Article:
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Public-sector HR director is immune from employee’s lawsuit, 11th Circuit holds

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Dive Brief:

  • An HR director for Alabama Agricultural and Mechanical University is entitled to qualified immunity from a lawsuit claiming she illegally denied a professor procedural due process by closing an internal grievance he filed to dispute his pay, the 11th U.S. Circuit Court of Appeals said in a decision Friday (Seif v. Alabama Agricultural and Mechanical University).
  • In 2011, the professor wrote a memo to AAMU’s administration requesting a pay increase. AAMU denied the request, and the professor filed a grievance with its HR department. A faculty committee reviewed the grievance and initially found it “grievable” before reversing course, the 11th Circuit said. The HR director told the professor his complaint was ineligible for grievance and “considered closed” under AAMU policies.
  • A district court found in favor of the professor, holding that AAMU’s employee handbook allowed for grievance of a salary-related complaint and that closing the grievance constituted deprivation of a property interest. But the 11th Circuit reversed, holding that the HR director did not act in an objectively unreasonable manner and was therefore entitled to immunity.

Dive Insight:

In its decision, the 11th Circuit said qualified immunity shields government employees from lawsuits in their individual capacities for discretionary actions performed as part of their duties. This applies as long as the official in question “‘acted in an objectively reasonable manner,’” the court added, quoting a 1986 U.S. Supreme Court decision.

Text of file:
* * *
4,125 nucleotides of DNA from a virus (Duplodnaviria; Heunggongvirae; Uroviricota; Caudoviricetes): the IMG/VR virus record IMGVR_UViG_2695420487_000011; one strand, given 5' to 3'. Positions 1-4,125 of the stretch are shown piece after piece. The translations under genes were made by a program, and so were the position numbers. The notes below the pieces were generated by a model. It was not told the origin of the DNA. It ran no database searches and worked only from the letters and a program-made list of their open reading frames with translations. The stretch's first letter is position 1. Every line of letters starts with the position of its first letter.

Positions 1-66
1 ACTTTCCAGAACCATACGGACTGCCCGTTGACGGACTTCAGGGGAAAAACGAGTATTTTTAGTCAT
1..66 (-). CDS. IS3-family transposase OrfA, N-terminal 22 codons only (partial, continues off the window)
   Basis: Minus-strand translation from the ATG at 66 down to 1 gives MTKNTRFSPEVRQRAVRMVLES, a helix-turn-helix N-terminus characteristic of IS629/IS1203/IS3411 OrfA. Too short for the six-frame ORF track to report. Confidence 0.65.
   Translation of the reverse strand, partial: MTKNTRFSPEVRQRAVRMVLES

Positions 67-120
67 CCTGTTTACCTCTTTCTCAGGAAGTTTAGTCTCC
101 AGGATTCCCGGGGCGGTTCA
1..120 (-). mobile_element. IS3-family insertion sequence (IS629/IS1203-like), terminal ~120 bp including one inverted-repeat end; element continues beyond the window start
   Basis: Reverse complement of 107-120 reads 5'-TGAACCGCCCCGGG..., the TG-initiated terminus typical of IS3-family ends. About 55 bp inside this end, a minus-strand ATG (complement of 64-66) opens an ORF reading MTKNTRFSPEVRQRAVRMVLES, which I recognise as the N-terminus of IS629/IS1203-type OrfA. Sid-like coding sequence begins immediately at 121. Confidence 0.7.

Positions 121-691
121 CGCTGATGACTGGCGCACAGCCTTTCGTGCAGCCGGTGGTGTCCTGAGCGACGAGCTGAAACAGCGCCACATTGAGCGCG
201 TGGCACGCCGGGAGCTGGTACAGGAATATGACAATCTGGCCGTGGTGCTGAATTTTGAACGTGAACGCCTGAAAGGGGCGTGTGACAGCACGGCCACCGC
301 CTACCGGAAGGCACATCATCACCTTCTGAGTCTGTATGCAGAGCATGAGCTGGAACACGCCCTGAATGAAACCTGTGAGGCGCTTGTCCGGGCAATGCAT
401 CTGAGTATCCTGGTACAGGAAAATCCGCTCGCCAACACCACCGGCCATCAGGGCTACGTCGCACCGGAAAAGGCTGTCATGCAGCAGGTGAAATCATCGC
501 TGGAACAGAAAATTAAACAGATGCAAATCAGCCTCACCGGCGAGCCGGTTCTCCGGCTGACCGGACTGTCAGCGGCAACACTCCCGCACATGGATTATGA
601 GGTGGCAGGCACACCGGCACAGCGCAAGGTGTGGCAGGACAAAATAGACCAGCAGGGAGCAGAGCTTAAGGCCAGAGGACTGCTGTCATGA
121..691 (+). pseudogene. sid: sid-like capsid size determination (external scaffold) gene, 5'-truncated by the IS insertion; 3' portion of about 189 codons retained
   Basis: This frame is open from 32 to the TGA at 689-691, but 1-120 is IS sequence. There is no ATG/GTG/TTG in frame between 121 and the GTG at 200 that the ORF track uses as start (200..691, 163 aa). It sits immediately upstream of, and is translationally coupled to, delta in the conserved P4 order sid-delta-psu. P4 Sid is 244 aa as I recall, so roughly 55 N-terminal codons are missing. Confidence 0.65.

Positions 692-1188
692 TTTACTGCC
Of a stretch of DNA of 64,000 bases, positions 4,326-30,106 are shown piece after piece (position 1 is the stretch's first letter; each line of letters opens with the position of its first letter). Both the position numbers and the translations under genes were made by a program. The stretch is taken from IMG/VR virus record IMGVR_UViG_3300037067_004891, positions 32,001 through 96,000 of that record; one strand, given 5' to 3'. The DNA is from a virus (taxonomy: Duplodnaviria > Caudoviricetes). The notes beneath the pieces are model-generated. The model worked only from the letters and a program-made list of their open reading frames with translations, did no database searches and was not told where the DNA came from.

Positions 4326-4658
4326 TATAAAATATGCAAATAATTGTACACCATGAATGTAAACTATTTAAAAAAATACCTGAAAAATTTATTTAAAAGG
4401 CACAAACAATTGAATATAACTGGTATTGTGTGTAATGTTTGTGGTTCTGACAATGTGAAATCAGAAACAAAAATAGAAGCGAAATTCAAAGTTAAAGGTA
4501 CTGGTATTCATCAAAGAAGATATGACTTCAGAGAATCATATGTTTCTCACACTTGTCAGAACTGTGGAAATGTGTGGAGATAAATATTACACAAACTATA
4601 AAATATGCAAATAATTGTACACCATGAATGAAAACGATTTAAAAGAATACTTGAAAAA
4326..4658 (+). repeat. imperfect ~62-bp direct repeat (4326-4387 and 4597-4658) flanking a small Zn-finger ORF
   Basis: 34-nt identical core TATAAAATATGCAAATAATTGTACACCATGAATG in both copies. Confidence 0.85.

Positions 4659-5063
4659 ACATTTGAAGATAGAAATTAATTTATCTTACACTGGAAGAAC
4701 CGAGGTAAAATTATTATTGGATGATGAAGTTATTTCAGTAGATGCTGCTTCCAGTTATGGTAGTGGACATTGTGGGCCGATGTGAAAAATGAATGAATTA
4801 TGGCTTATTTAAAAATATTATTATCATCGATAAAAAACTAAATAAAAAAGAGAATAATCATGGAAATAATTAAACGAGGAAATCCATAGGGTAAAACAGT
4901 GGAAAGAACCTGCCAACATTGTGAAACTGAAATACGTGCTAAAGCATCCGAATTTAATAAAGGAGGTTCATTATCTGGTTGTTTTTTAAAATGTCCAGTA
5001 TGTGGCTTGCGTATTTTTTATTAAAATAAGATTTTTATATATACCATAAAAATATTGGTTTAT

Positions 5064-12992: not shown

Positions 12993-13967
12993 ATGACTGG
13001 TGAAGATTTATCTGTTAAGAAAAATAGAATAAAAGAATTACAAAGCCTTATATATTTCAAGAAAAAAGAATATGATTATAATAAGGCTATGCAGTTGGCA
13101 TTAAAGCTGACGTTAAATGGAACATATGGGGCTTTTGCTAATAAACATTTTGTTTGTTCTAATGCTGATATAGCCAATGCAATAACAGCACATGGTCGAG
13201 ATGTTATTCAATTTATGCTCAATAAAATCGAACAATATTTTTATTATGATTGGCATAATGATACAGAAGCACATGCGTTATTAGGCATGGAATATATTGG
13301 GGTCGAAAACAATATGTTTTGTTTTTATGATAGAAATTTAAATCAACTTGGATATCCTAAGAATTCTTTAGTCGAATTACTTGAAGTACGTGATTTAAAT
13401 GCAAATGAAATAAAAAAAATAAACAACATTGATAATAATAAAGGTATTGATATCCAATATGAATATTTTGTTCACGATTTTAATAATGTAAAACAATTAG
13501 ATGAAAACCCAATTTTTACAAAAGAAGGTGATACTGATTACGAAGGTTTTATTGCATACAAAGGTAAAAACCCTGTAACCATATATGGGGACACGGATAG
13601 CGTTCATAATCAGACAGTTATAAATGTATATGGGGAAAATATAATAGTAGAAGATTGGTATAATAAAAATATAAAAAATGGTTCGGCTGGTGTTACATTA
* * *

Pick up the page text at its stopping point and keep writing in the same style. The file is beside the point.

The HR director acted reasonably in closing the professor’s grievance because she did not have “fair warning” that the professor was entitled to grieve the pay dispute, the 11th Circuit said. It applied a three-part test to determine whether the professor showed a clear, established right to a grievance and concluded that he failed to do so.

Specifically, the 11th Circuit clashed with the district court on the meaning of “property interest” and whether it extends to a salary dispute under faculty-specific policies. It concluded that AAMU “did not assure or [promise]” the plaintiff that he would be entitled to file a grievance and that prior precedent “did not establish ‘obvious clarity’ that university employees have a property interest in any and all internal dispute processes.”

Part of the court’s analysis focused on AAMU’s employee handbook, which included language noting that the university’s policies and procedures were subject to change when deemed appropriate by AAMU. “So even if [the plaintiff’s] salary dispute was grievable under the handbook when he first filed it, Alabama A&M retained discretion to deviate from its policy …,” the 11th Circuit said.

The case may speak to the importance of maintaining a robust employee handbook or similar document spelling out the details of key employment policies. Sources who previously spoke to HR Dive said employers may decide to supplement their handbooks with additional documentation accessible to employees available on internal forums.

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